Malfunctioning instrument led to crash of governor's plane

Wednesday, June 5, 2002

Associated Press WriterWASHINGTON (AP) -- A federal probe of the plane crash that killed Gov. Mel Carnahan, his son and an aide has found that an instrument used by pilots to navigate through rain and fog malfunctioned the night the craft went down in a storm, sources told The Associated Press Wednesday.

Two people who have seen the report -- due for public release later Wednesday -- said the plane's attitude indicator, which helps guide a pilot when storms reduce visibility, failed and disoriented pilot Randy Carnahan. The sources spoke on condition of anonymity.

The NTSB's findings follow the release of thousands of files and documents in the 19 months since the Oct. 16, 2000 crash that killed the governor, his son Randy and political aide Chris Sifford.

The report marks the agency's final word on the probable cause of the crash.

A transcript of Randy Carnahan's conversation with air traffic controllers, released last year by NTSB, shows the pilot struggled with failed instruments as he flew through stormy skies.

"We've got our hands full right now," he said, when asked the altitude of his twin-engine plane.

Moments later, he said, "We got a primary attitude indicator that's not reading properly."

Also called the artificial horizon, the attitude indicator helps guide a pilot when storms reduce visibility, telling whether a plane is banking and whether the nose is high or low. It is powered by a vacuum pump and manifold system, which is at the heart of wrongful death lawsuits filed by the victims' families.

The families say the vacuum system malfunctioned and caused the crash, while the defendants in the case have said negligence by Randy Carnahan led to the crash.

But the report describes Randy Carnahan as a safe and conscientious pilot. Investigators confirmed he was in excellent health and had completed extensive training in the aircraft, a twin-engine Cessna 335.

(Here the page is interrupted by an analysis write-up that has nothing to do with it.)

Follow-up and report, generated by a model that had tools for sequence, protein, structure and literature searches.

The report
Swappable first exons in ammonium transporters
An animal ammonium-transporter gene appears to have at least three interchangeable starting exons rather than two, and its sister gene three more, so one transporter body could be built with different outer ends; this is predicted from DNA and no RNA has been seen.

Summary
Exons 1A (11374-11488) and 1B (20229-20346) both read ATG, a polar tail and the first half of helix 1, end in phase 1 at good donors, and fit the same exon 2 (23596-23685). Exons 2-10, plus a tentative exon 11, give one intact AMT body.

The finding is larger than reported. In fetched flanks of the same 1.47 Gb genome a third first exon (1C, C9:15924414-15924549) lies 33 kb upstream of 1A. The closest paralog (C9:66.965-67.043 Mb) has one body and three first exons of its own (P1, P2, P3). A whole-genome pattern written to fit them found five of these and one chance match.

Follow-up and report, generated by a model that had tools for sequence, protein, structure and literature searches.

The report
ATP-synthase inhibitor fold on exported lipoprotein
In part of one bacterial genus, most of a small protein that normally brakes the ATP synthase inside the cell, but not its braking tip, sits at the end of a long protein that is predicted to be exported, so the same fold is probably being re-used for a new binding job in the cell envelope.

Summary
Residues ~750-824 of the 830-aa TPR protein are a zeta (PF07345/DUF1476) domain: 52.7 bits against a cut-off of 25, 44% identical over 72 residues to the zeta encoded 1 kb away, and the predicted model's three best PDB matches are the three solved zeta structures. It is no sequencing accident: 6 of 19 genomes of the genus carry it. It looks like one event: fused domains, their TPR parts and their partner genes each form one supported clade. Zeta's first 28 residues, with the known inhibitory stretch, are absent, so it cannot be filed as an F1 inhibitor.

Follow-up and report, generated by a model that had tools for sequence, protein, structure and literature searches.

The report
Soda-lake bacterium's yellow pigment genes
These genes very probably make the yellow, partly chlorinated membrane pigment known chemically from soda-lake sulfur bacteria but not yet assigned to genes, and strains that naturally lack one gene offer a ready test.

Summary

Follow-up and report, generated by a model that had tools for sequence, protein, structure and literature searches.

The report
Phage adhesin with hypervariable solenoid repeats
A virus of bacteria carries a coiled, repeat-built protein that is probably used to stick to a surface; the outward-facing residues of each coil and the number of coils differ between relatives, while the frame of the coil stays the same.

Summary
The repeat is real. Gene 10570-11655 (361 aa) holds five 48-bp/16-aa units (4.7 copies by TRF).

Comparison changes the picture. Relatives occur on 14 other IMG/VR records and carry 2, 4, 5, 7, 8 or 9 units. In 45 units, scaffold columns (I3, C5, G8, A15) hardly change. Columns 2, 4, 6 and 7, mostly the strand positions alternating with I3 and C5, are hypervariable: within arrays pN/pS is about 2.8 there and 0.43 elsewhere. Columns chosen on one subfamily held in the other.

The report also says Randy Carnahan was known to cancel trips when weather conditions were unfavorable.

A report released earlier this year by the NTSB found no indication that the vacuum system was inoperative at the time of the crash. However, the Carnahans' attorney said the finding contradicts metallurgical testing done by the NTSB and the family's engineers and consultants.

Friends and family told NTSB investigators that Randy Carnahan was a meticulous pilot who never flew when he was tired and that he often canceled trips because of bad weather.

The governor died three weeks before the election in which he sought the U.S. Senate seat held by Republican John Ashcroft, now the U.S. attorney general. Despite his death Carnahan outpolled Ashcroft and the governor's widow, Jean, was appointed to serve the first two years of the six-year term that would have been his. She is now campaigning for election in November to finish out the term.

------On the Net:

National Transportation Safety Board: http://www.ntsb.gov

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